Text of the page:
MY NAME IS NATHAN, I AM A LIFE COACH.

With the recent boom of life coaches, I am sure your thought is, “Not another one!  It seems like they just hand that certification out these days.” The question then becomes how do you know I will give you the quality you are seeking with all these other choices?

My journey of becoming a coach sprouted after being a therapist for several years. I was tired of the barriers in traditional therapy practice which stopped a lot of people from receiving the help they needed. Coaching has allowed me to break these restraints and I have now been able to work with clients all over the world with a variety of backgrounds. My growth in this field has also led me to create and develop interventions, which have proven successful, that provide my clients the success in their athletic, academic, professional and personal lives.

Why should you trust me?
This is a great question, as there are a lot of coaches out there looking to help, so what makes me different?
The answer lies in my approach. I developed my own approach through years of practice that has a proven successful record. Through my approach, I have put several athletes on podiums or brought enjoyment back to their sport by increasing their mental, physical, and emotional game across the board. This process has also increased the success people have seen in their work and personal lives, rekindling what they once thought was lost in the drone of their mind.

My program’s ability to be individualized and molded to your needs is where this program shines. The focus is on your needs, and in this it adapts to your situation so you can break down any personal barriers. It also carries over to my ability to be flexible in scheduling. I understand that you are an athlete, a full time student/parent/employee and life does not always care. I do. My flexibility in scheduling allows you to ensure you get your needed involvement with life and still receive sessions, ensuring your path to success.

Our surroundings are always changing and creating new barriers. I want to ensure you can take away the individualized tools needed to make your change last.

Are you ready to make a change?  Email me at sisu.empcoaching@gmail.com.

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Recent Posts

Forgetting Stress

Everyone views and manages stress in their own unique way. One person may view stress as missing a bus; another may define stress as not one but the accumulation of several events. Some of us conquer these obstacles with ease, whereas others crumble amid adversity. But despite the variance between our views and methods, there are two common factors that we must consider when facing stress: mind wandering and cortisol.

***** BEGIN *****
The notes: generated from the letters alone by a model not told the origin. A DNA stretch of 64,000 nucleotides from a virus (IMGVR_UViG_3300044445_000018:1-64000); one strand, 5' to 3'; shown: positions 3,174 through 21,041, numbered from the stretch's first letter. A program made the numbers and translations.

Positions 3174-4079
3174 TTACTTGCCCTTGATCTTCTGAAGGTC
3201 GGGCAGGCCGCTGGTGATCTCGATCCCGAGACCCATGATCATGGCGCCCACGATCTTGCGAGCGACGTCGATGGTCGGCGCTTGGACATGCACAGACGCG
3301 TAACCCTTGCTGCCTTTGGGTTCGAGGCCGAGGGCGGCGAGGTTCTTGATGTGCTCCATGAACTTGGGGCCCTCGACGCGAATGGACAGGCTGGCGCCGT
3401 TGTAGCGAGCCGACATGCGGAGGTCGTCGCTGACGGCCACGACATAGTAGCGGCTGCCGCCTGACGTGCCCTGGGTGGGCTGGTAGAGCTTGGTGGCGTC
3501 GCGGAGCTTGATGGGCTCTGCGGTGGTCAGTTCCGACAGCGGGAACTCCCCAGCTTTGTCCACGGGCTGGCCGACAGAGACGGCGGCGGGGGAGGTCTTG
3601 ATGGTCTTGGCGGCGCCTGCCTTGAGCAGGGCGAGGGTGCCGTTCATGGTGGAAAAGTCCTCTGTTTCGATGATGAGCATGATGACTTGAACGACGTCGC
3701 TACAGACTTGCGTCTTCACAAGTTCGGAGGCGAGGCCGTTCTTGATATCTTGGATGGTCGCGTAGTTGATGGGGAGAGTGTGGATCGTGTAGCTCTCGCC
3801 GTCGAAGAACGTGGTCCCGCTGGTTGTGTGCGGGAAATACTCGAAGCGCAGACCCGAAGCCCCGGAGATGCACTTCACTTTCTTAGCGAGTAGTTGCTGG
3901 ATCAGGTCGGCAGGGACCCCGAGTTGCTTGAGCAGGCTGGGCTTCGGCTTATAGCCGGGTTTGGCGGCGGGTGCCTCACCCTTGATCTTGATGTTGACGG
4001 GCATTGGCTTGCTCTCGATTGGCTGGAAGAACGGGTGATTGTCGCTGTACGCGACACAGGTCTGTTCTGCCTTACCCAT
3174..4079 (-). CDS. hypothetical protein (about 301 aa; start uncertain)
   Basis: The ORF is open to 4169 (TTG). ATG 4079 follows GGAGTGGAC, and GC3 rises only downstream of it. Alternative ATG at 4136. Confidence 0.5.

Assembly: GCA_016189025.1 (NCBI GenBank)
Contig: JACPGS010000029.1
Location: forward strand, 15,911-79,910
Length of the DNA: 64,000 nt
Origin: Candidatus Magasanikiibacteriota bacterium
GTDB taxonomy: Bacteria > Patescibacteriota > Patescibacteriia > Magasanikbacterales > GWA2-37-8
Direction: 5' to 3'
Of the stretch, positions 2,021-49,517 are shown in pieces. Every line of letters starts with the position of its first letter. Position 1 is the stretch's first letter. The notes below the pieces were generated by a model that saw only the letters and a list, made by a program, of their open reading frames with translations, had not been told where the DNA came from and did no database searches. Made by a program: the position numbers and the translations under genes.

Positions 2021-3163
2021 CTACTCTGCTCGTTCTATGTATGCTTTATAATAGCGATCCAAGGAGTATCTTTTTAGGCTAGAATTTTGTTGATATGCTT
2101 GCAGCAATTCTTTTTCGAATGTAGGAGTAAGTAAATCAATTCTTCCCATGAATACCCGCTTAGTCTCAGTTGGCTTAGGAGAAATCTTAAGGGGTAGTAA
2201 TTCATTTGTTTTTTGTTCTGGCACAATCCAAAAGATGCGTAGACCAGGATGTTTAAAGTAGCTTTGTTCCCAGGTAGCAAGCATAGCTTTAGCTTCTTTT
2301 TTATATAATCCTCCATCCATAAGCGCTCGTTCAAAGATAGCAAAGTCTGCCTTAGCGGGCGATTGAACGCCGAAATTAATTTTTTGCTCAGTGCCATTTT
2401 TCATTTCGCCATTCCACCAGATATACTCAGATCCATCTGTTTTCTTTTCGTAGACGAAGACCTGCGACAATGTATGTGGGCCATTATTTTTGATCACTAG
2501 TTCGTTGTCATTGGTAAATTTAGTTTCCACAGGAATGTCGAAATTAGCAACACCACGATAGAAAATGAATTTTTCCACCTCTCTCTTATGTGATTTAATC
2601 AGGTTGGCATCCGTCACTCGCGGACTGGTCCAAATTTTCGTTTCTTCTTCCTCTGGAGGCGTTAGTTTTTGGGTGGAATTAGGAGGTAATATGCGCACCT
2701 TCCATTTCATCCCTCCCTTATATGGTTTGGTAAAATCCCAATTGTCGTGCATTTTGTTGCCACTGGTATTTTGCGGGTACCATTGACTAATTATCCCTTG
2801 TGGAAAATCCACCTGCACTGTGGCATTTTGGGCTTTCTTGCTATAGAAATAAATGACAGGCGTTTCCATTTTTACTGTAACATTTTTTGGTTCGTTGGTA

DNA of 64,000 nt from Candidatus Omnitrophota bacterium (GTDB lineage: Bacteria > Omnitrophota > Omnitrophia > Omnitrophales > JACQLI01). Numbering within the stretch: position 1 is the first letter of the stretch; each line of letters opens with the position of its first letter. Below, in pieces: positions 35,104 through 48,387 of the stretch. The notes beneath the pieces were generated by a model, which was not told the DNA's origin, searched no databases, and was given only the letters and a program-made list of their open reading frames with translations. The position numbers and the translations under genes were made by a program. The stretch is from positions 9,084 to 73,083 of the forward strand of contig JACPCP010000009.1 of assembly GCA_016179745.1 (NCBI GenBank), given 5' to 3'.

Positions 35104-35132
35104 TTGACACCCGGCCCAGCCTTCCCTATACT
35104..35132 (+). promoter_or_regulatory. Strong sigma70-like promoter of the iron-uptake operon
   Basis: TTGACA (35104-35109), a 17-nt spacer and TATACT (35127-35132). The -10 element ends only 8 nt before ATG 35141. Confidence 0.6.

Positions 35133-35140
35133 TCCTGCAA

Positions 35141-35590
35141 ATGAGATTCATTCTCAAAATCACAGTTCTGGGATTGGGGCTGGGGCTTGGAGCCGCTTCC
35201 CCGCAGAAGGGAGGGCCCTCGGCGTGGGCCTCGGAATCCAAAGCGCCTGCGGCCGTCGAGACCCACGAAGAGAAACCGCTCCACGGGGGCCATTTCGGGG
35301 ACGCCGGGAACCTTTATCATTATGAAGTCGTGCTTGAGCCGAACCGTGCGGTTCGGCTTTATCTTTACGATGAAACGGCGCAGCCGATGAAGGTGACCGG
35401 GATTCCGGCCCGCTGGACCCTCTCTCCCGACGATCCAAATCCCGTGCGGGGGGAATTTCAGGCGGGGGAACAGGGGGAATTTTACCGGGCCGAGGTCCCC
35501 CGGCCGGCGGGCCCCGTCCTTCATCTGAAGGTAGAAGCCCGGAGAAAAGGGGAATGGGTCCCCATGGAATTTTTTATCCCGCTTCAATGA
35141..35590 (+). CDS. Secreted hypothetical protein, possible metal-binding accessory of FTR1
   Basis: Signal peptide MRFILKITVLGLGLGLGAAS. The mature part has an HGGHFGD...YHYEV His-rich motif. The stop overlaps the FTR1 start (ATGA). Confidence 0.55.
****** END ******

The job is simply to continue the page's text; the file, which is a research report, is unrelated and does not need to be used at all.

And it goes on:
Mind wandering is when one’s thoughts shift away from a current task to another topic, and it most often involves personal goals or concerns. While we are prone to mind wandering in some form or another (e.g., zoning out while driving), it is one of the worst things an athlete can do while experiencing adversity in the gym.

 

When dealing with a stressful situation, mind wandering offers us the opportunity to escape our current predicament; however, it does so at the expense of task completion and performance. It takes us out of the present and focuses our attention to past or future events. As previously mentioned (see “The Three Things You Should Be Doing at the Gym” – published 21 August 2017), failing to ground ourselves in the present allows for negativity and doubt to creep in—especially since we cannot control anything outside of the present. The more we find ourselves focused on what was or what could be, the more likely we will experience heightened anxiety, leading to reduced performance in high-pressure situations and cognitive tasks (Beilock, 2008).

 

In addition to mind wandering, cortisol also poses a threat to our performance if not managed correctly. Biologically speaking, our adrenal glands release cortisol in response to stress as part of the body’s “fight or flight” mechanism; however, this reaction not only impair